the virtual pc.
    Good luck!

    http://www.microsoft.com/windows/virtual-pc/
     
  11. Joe Morris

    Joe Morris Flightless Bird

    "Cameo" <cameo@invalid.invalid> wrote:
    > "Frank" <fb@sr2.cmm> wrote:
    >> On 6/16/2010 9:52 PM, bettablue wrote:


    >>> If you are talking about Windows XP mode, you don't need Windows 7
    >>> Ultimate.
    >>> The minimum you will need though is Windows 7 Professional. By running
    >>> in XP mode you are not really running Windows XP over
    >>> Windows 7,...


    >> WRONG! You are running an actual, activated copy of XP Pro SP3 in a
    >> virtual computer inside of Windows 7.


    >>> but you will
    >>> be running your older programs as though they were on XP.

    >>
    >> They are actually running in a real version of XP Pro SP3 OS.


    >>> The instructions
    >>> are very easy and all it takes is to first, make sure you
    >>> meet the minimum system requirements, then download the
    >>> Virtual PC and finally, XP mode itself.


    >> Downloading "XP Mode" is actually dl'ing a free, activated copy, of XP
    >> Pro SP3.
    >> I hope this helps to clear up this much misunderstood concept of XP
    >> Virtual/Mode.



    > Yes, it helps but I still wonder if this is possible when the Windows 7 is
    > 64-bit and I want to run 32-bit XP in it. None of you addressed this
    > question. As to getting the Ultimate version, I was just considering it
    > because of its HD encryption capability.


    The "bitness" (what *is* the best word for that?) of a host and a virtual
    machine don't have to be the same. I can run an environment with a 32-bit
    host and a 64-bit client, or vice-versa, in addition to 32/32 and 64/64
    pairings. 32-bit XP runs quite cheerfully on a 64-bit Windows 7 host,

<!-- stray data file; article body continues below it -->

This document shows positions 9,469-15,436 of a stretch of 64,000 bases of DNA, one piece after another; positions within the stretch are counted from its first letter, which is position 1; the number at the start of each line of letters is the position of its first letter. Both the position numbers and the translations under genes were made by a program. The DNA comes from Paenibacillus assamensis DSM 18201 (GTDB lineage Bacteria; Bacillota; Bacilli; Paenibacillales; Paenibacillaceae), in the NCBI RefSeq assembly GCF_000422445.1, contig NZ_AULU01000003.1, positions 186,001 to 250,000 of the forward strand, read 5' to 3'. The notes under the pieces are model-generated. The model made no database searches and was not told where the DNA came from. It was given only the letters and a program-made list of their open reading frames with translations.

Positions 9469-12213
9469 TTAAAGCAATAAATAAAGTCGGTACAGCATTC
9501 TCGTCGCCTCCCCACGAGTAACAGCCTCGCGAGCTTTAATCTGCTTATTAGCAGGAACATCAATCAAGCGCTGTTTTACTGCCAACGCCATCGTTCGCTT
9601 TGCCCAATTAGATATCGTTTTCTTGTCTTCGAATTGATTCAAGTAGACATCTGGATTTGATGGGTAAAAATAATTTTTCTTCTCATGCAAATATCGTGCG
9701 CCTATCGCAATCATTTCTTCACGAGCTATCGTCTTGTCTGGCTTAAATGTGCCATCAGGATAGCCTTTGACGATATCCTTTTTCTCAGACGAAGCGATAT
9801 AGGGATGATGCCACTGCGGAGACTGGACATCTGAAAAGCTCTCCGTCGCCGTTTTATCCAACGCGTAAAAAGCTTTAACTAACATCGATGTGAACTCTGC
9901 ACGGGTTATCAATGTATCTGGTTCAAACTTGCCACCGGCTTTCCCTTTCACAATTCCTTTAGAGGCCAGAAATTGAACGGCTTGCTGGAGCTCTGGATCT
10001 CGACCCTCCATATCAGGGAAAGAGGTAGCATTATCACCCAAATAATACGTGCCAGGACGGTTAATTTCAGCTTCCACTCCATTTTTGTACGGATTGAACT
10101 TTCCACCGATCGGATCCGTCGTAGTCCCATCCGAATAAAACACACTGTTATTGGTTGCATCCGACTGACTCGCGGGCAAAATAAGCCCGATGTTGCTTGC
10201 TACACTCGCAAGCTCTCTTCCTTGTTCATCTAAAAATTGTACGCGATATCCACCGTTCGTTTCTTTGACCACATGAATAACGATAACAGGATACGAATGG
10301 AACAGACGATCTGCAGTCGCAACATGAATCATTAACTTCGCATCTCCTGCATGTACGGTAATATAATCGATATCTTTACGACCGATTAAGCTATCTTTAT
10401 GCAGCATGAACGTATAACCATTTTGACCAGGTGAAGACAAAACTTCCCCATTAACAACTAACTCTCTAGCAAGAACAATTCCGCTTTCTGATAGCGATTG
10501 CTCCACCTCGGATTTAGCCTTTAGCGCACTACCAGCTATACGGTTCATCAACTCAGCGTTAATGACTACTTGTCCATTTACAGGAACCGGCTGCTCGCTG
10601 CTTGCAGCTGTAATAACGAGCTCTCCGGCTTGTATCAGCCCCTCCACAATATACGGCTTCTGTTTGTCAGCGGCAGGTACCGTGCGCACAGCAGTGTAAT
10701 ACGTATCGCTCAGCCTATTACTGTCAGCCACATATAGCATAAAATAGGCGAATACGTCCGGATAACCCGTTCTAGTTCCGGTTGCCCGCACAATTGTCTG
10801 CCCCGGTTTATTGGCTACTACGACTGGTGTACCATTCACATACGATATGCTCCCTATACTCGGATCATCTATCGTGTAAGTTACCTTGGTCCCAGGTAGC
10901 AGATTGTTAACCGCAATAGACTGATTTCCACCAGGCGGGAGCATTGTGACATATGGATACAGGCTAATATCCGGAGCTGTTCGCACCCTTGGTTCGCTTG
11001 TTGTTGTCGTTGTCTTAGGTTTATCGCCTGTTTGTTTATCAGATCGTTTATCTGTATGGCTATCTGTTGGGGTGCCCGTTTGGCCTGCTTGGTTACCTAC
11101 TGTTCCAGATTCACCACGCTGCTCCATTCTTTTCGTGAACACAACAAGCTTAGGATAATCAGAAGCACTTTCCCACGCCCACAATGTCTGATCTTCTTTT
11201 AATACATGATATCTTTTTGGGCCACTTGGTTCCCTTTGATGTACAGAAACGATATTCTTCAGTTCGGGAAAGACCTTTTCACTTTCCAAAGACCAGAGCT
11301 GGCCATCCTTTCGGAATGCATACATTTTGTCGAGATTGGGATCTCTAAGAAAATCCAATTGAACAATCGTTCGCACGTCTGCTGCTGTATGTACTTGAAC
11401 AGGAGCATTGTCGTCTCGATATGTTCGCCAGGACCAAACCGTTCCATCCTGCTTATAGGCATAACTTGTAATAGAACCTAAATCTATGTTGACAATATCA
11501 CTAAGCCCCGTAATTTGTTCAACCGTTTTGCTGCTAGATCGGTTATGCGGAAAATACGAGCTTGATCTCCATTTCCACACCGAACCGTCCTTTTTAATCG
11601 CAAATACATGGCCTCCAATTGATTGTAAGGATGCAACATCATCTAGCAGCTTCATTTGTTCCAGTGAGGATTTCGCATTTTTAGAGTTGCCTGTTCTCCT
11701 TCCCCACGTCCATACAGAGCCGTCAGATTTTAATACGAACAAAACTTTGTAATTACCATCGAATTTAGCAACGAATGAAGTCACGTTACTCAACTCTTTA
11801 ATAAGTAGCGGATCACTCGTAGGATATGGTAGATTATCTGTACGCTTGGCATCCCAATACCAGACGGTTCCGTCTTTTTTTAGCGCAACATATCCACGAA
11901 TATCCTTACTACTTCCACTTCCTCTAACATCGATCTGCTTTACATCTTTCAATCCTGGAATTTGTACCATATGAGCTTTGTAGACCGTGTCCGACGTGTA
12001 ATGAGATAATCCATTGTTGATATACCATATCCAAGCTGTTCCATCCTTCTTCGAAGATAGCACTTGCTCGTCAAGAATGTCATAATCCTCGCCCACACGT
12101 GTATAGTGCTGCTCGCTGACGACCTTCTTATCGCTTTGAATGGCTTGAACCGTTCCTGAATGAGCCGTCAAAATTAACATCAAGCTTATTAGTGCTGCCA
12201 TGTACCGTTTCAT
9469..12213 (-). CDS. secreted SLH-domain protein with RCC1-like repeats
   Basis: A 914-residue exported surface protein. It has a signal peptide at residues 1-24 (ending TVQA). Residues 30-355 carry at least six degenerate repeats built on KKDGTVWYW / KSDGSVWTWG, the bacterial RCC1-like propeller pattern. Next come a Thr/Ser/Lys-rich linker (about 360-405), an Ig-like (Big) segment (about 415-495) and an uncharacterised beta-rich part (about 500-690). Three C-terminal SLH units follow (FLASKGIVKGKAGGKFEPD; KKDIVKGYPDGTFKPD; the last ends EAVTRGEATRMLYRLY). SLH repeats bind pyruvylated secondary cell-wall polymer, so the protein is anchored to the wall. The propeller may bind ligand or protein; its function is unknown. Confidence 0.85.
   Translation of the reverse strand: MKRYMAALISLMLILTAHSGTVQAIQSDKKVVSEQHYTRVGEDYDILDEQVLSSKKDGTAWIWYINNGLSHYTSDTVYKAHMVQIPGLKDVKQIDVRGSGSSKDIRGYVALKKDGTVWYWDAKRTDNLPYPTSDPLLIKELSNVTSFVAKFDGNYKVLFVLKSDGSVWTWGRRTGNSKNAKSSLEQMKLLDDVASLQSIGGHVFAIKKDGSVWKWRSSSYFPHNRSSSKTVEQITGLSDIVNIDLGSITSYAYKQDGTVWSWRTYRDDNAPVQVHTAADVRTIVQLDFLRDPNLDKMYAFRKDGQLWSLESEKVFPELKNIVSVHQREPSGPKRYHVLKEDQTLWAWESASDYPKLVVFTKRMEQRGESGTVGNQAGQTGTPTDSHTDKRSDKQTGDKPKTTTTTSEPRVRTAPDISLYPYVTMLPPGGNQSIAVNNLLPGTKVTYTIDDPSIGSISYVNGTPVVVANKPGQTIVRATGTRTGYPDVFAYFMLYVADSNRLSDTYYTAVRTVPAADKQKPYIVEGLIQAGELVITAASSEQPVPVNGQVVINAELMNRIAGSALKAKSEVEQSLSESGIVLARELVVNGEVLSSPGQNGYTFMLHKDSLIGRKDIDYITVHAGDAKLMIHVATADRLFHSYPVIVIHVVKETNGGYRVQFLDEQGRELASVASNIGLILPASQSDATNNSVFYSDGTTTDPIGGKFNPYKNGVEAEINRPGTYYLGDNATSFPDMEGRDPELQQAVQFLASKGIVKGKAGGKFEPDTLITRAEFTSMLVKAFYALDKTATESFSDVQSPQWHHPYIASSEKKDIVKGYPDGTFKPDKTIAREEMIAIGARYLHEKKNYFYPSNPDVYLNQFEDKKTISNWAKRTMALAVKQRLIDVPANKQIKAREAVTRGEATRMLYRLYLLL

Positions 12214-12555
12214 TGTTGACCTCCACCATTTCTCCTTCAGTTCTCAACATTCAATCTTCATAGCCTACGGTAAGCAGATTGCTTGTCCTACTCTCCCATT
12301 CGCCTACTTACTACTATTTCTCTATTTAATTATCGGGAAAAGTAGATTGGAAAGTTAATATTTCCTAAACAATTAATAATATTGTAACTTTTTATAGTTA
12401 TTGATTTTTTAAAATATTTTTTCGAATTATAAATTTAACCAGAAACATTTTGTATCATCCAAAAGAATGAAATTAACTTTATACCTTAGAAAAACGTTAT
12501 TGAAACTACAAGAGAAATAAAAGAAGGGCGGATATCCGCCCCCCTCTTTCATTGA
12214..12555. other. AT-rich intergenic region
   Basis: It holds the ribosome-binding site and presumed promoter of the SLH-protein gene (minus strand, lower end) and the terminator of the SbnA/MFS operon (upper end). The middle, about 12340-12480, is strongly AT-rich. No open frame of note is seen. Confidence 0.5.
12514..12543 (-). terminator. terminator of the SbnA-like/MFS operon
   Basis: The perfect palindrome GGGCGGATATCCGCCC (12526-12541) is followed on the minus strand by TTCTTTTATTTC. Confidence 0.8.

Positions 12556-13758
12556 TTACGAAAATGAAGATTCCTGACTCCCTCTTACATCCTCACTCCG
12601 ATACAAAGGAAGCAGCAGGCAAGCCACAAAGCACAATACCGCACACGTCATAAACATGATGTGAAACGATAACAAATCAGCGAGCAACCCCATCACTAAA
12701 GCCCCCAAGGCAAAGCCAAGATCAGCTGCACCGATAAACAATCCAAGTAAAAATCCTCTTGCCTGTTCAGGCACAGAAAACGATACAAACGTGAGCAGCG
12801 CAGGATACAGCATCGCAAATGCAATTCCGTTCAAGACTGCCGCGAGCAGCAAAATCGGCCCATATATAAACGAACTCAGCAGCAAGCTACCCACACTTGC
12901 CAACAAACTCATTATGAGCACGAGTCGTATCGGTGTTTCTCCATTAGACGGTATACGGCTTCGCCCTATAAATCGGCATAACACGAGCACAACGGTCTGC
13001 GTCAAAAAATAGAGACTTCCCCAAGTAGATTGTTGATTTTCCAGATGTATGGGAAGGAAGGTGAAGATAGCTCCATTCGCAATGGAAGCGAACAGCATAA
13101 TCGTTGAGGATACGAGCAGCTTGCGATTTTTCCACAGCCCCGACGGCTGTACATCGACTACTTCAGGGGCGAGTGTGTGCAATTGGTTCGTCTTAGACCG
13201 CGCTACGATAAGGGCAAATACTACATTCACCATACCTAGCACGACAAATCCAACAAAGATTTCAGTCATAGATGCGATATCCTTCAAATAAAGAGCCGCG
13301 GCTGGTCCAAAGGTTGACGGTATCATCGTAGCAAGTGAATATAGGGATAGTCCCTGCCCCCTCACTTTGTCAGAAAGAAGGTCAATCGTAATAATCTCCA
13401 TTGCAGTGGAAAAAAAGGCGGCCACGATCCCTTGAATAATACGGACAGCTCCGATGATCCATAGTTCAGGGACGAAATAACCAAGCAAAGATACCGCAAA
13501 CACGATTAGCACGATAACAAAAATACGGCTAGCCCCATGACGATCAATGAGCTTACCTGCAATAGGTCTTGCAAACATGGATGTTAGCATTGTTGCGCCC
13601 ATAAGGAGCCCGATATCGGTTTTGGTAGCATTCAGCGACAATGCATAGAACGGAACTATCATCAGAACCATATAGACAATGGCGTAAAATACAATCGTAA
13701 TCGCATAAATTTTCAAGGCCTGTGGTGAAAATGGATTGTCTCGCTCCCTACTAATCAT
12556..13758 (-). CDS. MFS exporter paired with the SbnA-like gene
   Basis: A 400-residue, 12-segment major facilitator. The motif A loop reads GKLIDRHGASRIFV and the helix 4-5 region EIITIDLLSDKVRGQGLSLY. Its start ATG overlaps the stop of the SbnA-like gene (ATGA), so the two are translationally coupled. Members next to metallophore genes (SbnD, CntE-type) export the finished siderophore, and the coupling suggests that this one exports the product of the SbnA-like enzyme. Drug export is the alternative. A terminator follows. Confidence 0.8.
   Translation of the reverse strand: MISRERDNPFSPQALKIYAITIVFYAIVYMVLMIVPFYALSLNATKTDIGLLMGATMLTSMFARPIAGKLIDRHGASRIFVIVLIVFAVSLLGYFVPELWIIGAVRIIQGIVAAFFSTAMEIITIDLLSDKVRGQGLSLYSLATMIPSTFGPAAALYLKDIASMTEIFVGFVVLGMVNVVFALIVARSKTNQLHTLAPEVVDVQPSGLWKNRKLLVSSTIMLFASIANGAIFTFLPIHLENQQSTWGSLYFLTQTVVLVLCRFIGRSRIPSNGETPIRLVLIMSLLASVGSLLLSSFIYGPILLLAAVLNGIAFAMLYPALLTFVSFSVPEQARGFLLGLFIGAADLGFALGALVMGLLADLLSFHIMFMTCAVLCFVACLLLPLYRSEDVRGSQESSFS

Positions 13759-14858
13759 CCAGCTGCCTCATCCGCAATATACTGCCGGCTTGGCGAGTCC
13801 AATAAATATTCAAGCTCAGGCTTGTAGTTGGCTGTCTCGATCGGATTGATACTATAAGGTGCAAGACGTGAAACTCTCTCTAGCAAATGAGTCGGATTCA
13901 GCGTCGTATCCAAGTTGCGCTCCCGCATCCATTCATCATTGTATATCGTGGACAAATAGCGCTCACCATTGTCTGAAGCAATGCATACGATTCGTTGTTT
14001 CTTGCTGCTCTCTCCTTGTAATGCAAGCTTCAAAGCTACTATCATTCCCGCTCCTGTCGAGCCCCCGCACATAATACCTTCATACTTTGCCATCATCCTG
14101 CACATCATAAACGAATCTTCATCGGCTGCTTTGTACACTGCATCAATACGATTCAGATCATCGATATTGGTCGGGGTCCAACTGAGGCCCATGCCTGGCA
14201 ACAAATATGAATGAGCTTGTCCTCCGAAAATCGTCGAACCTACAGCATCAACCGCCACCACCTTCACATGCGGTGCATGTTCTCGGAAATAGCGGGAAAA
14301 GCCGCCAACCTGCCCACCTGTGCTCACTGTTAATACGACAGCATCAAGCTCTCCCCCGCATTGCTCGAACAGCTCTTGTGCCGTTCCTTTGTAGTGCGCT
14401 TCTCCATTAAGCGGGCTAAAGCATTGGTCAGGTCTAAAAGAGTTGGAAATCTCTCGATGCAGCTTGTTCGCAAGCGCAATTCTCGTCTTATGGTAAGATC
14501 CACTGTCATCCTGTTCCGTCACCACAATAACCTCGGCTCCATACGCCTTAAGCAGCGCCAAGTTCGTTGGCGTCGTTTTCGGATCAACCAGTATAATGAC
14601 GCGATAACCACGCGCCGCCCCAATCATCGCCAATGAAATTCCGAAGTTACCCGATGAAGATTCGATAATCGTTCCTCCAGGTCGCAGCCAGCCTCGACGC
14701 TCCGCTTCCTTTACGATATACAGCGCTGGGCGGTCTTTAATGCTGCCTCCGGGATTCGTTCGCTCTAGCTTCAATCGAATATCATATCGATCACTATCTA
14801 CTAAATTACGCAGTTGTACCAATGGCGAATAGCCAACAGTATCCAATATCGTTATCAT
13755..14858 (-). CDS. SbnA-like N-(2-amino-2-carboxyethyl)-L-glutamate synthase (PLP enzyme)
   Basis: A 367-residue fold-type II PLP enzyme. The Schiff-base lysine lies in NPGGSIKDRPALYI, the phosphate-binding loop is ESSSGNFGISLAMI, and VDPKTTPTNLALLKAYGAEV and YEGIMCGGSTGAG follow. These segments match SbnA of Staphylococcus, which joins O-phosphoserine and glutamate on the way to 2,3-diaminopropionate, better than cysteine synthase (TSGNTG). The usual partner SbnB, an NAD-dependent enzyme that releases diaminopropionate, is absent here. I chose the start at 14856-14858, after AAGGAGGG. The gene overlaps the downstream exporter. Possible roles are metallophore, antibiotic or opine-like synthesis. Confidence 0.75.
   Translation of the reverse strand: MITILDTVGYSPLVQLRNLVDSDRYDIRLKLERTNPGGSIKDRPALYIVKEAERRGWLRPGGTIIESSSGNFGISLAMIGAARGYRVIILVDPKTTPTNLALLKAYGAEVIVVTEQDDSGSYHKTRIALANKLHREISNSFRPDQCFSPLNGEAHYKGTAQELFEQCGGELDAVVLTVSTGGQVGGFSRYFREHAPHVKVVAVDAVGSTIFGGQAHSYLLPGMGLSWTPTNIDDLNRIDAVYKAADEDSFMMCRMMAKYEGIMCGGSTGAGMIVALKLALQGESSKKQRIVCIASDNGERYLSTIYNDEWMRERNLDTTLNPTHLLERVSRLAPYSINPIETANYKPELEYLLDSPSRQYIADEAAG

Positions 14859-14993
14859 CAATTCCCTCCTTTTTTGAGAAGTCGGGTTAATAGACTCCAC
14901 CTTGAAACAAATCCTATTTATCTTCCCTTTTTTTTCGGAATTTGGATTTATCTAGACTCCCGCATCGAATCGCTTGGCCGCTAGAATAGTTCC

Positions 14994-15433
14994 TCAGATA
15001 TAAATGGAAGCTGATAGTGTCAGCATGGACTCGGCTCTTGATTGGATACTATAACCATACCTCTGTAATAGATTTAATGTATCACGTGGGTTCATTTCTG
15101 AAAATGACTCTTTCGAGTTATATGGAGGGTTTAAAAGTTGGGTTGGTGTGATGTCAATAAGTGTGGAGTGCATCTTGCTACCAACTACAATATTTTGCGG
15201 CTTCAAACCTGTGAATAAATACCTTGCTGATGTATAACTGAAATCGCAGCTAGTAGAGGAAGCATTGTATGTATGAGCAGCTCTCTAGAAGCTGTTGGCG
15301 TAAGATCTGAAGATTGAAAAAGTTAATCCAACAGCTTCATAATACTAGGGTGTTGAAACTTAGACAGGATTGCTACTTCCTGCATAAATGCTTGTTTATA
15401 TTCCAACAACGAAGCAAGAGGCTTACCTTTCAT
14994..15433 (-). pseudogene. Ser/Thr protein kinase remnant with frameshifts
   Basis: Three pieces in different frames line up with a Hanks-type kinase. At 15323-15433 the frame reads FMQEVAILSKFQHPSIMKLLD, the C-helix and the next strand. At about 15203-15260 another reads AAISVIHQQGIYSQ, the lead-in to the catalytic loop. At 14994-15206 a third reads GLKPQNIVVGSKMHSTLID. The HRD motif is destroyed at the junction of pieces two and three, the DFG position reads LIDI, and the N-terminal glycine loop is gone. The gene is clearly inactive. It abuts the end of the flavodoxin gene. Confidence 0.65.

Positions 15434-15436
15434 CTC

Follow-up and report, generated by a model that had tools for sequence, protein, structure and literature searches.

modulo the performance hit of having two operating systems competing for the
    same resources.

    Since last August I've been using a 32-bit XP host to run functional and
    compatibility tests of both 32-bit and 64-bit Windows 7 RTM. It's not
    perfect, and final phase tests are done on bare metal, but I have yet to
    find any problems related to 32 vs. 64 bit clients. (I'm talking about
    VMWare here, but my point is that there's nothing in virtual machine
    concepts that requires host and client to have the same bus width.)

    Some of my users made use of XP Mode in my POE's field test of 64win7: the
    Cisco VPN client we use didn't originally work in a 64-bit environment, so
    the users installed XP Mode, installed the Cisco client, and from there
    talked to the corporate network via the VPN.

    Nothing, of course, comes without cost. In the case of XP Mode you've got
    an entire operating system that's running at the same time your apps in the
    host are also consuming resources (memory especially unless you've started
    adding memory beyond the 32-bit limitation of ~3.5 G8). Then you've now got
    an additional system that you need to keep patched and protected from
    malware.

    It doesn't appear that the OP is in an enterprise environment; for users who
    are there are additional problems with any VM environment (Virtual PC or
    VMWare) such as the security configuration, domain membership, auditing, and
    other related administrivia.

    Joe Morris
     
  12. Cameo

    Cameo Flightless Bird

    "Frank" <fb@amk.cmo> wrote in message news:4c1abb7e@news.x-privat.org...
    > On 6/17/2010 5:06 PM, Cameo wrote:
    > All you need do is dl everything from Microsoft...the free virtual PC
    > software and the free, already activated, copy of XP Pro SP3 to run in
    > the virtual pc.
    > Good luck!
    >
    > http://www.microsoft.com/windows/virtual-pc/


    Great! Thanks a million.
     
  13. Gene E. Bloch

    Gene E. Bloch Flightless Bird

    On Thu, 17 Jun 2010 21:01:11 -0400, Joe Morris wrote:

    > The "bitness" (what *is* the best word for that?) of a host and a virtual